Interview with Joanne Reed, Breeder of Windrift Keeshond
Where do I live? How many years in dogs? How many years as a breeder?
Joanne Reed: I live in Franklin, Tennessee. I’ve been in dogs since 1968; I’ve been a Keeshond breeder for over 50 years.
What is my kennel name? How many dogs do I currently keep?
Joanne Reed: I’m Windrift Keeshond. I currently have 10 Keeshonds in my kennel.
Which show dogs from the past have been my noteworthy winners?
Noteworthy winners include:
- CH Windrift’s Summertime Blues HOF ROMX,
- CH Windrift’s Mutual Funds HOF ROMX,
- CH Windrift’s Gambler CD HOF ROMX,
- CH Windrift’s Producer CD HOF ROMX,
- CH Windrift’s Rock Star (B) HOF ROM,
- CH Windrift’s Out Back Up Front (B) HOF ROM,
- CH Windrift’s Doing It Right (B) CDX ROMX,
- CH Windrift’s High Society (B) HOF ROMX,
- CH Windrift’s Right Choice (B) HOF ROMX.
Which have been my most influential sires and dams?
Joanne Reed: I have bred over two hundred champions and have too many ROM and ROMX dogs to list.
These are a few that have outstanding records and produced outstanding BIS and Group-winning Keeshonds:
- CH Windrift’s Summertime Blues HOF ROMX,
- CH Windrift’s Mutual Funds HOF ROMS,
- CH Traveler’s Zeedrift Carioca ROM (produced the top-winning Keeshond of all time—CH Flakkee Instant Replay),
- GCH Windrift’s Rock Star ROM & Hall of Fame.
Can I talk a bit about my facilities? Where are my puppies whelped? How are they raised?
Joanne Reed: I have two different areas where I keep my dogs. I have a large basement that has crates, whelping areas, and two inside/outside kennel runs, ramps, and grooming area. This area has 24/7 cameras in it.
I will whelp and keep my puppies here so that they get constant attention. I also have a kennel building that has three inside/outside runs, bath tubs, and grooming tables. I usually keep my adolescent puppies and adults here. I have two huge exercise runs. This area is fenced and cross-fenced for their protection.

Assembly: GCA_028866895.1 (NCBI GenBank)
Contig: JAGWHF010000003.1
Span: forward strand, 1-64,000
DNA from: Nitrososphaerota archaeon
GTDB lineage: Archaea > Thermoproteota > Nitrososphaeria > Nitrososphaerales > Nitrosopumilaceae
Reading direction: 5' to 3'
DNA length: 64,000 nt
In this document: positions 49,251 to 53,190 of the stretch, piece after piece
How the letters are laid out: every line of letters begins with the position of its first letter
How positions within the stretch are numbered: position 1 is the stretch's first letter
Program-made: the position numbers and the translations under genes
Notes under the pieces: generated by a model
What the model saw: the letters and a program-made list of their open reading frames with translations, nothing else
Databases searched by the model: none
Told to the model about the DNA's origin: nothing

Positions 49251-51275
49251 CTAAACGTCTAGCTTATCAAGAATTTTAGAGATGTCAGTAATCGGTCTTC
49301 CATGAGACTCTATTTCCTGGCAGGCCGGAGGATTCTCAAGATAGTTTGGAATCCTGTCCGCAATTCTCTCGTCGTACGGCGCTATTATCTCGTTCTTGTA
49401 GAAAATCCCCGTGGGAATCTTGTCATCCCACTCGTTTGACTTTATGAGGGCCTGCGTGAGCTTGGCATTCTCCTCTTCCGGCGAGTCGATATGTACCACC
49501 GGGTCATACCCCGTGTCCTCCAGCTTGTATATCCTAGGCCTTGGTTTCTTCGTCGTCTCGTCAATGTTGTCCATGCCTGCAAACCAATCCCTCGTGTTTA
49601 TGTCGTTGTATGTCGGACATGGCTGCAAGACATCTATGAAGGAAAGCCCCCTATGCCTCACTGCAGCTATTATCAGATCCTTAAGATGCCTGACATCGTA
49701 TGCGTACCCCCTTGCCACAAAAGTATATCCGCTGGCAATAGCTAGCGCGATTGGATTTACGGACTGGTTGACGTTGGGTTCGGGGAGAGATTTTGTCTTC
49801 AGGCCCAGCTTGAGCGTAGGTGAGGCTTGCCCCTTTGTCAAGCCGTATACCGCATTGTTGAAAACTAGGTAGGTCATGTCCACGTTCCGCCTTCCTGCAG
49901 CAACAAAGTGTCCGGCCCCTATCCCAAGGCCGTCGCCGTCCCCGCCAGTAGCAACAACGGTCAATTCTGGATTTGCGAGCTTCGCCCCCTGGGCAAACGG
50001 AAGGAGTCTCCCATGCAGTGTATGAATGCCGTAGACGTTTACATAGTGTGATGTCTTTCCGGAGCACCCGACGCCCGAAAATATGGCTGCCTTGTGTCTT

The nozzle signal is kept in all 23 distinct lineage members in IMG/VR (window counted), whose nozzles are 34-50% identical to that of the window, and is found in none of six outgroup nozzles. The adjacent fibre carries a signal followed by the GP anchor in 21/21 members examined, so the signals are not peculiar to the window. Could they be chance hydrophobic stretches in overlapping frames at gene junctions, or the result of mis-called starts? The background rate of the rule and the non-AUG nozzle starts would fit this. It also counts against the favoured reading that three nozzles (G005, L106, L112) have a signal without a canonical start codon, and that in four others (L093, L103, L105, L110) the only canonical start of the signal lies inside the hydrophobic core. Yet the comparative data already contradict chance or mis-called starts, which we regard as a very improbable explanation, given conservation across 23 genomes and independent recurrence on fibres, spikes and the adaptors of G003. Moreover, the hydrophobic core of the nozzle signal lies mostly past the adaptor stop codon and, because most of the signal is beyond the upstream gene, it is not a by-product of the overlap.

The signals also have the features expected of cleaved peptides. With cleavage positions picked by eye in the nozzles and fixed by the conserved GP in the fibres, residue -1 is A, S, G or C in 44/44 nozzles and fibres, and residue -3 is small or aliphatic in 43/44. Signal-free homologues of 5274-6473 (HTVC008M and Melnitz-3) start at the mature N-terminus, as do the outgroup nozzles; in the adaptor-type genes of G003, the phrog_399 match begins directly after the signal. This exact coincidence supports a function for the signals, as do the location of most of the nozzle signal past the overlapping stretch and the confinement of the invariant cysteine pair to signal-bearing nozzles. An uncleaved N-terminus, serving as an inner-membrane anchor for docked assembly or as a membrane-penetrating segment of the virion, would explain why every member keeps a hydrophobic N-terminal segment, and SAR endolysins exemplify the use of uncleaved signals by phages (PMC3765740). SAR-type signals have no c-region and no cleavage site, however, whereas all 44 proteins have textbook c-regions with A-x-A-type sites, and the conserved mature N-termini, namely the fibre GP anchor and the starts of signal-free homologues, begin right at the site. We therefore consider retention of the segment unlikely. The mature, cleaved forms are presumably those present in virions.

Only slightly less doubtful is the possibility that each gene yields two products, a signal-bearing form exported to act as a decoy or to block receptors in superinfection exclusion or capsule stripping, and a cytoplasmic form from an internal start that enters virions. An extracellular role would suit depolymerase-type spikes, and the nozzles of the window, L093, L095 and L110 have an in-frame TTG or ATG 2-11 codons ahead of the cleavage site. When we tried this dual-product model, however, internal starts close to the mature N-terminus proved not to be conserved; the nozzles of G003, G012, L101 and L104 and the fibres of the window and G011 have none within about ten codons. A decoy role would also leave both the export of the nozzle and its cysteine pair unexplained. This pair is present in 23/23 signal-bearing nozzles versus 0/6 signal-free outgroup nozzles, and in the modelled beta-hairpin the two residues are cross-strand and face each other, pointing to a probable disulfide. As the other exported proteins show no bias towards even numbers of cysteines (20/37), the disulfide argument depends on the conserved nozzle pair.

What is my “process” for selecting show puppies? Performance puppies?
Joanne Reed: I watch my puppies from birth and constantly look for conformation, temperament, and intelligence. When pups are around five weeks I start stacking them on the table, all the time checking how they free-stack. Picking them up by the neck and chest and allowing the legs to drop freely on the table will tell me how their conformation is and how the legs are placed.
Attitude is also a great factor in choosing a show dog or Obedience dog. Handling pups right from the start gives them the confidence and the socialization they need.
At what age do I place puppies in show homes? In Performance homes?
Joanne Reed: I place my puppies at eight weeks of age. This is a good age for Keeshonds to be separated from their mothers and littermates.
Does my breed require any special preparation for competing in Conformance or Performance Events?
Joanne Reed: Condition of coat and training are imperative to have a Keeshond ready for the ring. Our breed is a mandatory ramp breed, so they should be trained for the ramp. Keeshond puppies are silly and very intelligent. They need patience and a firm hand so that they know what you want them to do.
Do I compete in Performance Events? If not, do these competitive arenas interest you?